One of the most common things that Spirits do to people experiencing NDEs is to replace body parts with crystals, gemstones, herbs, spices, pieces of trees, seashells, or other magical implements.
Sometimes, this kind of replacement is preceded by the Spirits eating the raw flesh of the individual, or at least taking the flesh away to make room for the power objects. (And yes, this can be particularly traumatic for the new Shaman.)
Speaking of trauma, it happens to be one of the most common signs that someone is a Shaman.
Children who have experienced physical, and psychological abuse tend to become Shamans. Parental psychosis, parental alcoholism, and drug addiction, and so on, often contribute to the heightened sensitivity of the child to energies, and Spirits around them. Reports of some anthropologists conclude that children who have experienced such trauma are more likely to develop that heightened sensitivity.
The idea is that such unfortunate kids are forced to develop a sense of what’s going on around them energetically in order to find safe space and hide until the potential danger passes.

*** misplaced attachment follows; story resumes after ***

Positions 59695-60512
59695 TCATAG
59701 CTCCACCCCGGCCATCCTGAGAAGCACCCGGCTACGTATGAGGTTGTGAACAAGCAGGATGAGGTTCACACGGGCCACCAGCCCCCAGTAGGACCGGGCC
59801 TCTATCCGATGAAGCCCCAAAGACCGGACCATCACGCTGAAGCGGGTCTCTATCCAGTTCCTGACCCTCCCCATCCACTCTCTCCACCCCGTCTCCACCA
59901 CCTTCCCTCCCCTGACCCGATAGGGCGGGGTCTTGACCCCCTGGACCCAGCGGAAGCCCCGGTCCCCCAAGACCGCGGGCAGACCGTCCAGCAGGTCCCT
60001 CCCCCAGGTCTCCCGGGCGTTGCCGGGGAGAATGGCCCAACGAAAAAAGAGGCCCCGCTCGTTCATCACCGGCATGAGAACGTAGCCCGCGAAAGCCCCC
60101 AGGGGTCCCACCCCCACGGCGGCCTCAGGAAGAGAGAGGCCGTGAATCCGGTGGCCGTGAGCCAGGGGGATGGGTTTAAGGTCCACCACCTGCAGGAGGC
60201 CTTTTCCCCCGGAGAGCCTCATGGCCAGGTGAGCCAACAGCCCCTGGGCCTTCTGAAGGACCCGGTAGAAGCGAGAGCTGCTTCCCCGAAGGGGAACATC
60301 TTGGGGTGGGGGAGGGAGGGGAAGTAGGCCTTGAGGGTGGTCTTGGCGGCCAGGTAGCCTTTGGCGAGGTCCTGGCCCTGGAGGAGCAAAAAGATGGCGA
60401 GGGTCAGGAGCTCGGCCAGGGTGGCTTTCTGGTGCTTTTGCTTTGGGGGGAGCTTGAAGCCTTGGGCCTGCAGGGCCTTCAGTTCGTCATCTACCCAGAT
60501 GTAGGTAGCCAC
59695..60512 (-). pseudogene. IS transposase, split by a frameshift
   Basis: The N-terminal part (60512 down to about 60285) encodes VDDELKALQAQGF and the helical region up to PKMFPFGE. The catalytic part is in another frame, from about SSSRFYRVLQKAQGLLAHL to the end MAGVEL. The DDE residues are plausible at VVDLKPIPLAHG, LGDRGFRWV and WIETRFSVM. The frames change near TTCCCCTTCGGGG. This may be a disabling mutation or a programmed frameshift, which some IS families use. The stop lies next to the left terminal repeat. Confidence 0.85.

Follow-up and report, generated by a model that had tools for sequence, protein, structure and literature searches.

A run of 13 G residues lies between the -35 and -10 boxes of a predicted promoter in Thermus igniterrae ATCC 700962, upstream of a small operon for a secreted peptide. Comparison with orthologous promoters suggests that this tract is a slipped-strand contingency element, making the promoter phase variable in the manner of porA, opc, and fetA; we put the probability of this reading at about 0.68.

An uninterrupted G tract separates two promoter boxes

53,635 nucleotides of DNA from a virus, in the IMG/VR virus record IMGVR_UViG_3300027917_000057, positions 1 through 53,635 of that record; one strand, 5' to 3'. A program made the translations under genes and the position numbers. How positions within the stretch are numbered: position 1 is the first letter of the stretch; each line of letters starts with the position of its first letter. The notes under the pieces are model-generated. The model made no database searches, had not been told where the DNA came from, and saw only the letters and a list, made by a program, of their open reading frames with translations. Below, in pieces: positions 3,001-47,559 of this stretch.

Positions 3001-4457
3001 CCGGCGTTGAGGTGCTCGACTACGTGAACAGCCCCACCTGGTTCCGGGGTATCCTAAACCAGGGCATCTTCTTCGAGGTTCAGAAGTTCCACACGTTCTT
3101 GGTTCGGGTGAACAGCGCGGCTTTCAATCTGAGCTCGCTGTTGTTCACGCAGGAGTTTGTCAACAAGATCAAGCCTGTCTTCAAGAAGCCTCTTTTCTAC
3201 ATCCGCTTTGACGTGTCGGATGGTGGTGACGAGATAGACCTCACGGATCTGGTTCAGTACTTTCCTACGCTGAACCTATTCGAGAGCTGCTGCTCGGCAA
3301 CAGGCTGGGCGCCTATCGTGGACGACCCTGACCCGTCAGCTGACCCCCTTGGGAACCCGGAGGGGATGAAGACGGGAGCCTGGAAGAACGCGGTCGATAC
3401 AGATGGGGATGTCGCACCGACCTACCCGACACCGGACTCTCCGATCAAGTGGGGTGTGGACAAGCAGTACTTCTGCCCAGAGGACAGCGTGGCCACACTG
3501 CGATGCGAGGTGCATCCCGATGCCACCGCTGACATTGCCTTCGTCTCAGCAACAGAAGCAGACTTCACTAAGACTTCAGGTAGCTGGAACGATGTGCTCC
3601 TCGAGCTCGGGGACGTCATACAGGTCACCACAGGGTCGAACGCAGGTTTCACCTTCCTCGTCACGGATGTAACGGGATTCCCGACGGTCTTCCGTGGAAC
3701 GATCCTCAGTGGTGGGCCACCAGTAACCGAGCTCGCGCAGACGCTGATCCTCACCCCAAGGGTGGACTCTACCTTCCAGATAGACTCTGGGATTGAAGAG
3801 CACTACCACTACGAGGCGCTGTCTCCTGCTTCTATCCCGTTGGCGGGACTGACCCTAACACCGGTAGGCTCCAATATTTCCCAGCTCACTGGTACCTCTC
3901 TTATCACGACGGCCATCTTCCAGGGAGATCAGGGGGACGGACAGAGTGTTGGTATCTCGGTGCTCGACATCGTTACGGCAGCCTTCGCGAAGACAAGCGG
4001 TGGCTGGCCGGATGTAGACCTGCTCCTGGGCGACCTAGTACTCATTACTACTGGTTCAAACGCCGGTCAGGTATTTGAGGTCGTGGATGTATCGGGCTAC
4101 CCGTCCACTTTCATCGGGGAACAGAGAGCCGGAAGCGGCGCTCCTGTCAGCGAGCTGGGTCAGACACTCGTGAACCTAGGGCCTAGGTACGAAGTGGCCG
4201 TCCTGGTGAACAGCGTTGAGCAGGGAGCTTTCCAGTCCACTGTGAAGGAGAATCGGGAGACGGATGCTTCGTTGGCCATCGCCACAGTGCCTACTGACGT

This childhood trauma theory especially applies to only-children, because there’s no sibling to help protect them. The child is forced to learn to cope for themselves, and sometimes self-learns or “accidentally stumbles into” journeying to escape until it is safe to come back into physical space.
Since we’re talking about physical space: it’s also quite common for natural signs - or signs within nature - to be present that indicate a future in Shamanism.
In some cultures, birthmarks are the hallmark of the soon-to-be Shaman. Being born with a portion of the amniotic sac covering one’s face - either in whole or in part - is said to be a sign, also. In Appalachian culture, we call this a “caul.”